opponent from moving or touching the dice. Make sure things are left
   untouched until you and your opponent resolve whether or not the die is

When your opponent moves:

*  Pay attention! Note what the dice roll is carefully. Have the position
   mentally locked in your mind. If you can, decide what move you would
   make if you were on the other side of the board or at least what
   candidates you would consider. This will be very helpful in the case
   that your opponent makes an illegal move, or if he shuffles his checkers
   and then sets up the board improperly. It is also better for your
   backgammon game, since you will see the position from his point of view
   and possibly have a deeper understanding of the position. Even if you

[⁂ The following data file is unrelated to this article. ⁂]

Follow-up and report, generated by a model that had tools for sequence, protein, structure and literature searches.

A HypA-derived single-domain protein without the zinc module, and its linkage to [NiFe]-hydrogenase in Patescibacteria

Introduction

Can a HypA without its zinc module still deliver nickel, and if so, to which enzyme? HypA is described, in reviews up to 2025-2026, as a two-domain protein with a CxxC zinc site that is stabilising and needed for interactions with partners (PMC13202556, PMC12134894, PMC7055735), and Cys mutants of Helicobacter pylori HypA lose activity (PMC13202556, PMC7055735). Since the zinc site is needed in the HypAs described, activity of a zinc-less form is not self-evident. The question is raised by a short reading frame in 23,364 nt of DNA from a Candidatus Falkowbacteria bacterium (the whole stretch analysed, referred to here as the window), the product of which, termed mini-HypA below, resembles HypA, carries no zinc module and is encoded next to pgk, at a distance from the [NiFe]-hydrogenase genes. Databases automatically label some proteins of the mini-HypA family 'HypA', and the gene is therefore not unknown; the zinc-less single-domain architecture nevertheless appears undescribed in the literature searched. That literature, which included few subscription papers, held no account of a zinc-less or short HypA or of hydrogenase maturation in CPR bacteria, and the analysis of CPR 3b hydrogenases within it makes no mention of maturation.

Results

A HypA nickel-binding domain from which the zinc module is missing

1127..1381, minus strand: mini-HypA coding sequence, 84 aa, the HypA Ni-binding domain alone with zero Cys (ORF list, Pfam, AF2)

don't see the illegal move immediately, you may notice that the
   resulting position is different from anything you had expected and you
   can then reconstruct what happened and discover the illegal move.

*  If your opponent is shuffling checkers, watch very carefully. Honest
   players can make a mistake re-setting the position, and we all know what
   dishonest players might do. If he is in the middle of a move and has
   played part of it, you might clarify what is left. For example, if he
   rolls 3-3 and plays two of the threes and then stops and thinks, you
   could clarify that he has two more threes to play. Always make sure he
   gets back to the proper original position if there is any doubt.

*  If you see that your opponent is in the middle of making an illegal
   move, stop him immediately. Don't wait for him to pick up his dice. The
   sooner an illegal move is corrected, the less chance there is for a

Of course you cannot expect your opponent to follow these guidelines. But
if you follow them carefully, you will avoid disputes which might otherwise
have occurred.


Gregg Cattanach  writes:

Kit wrote:
> If your opponent rolls before you have picked up your dice, leave your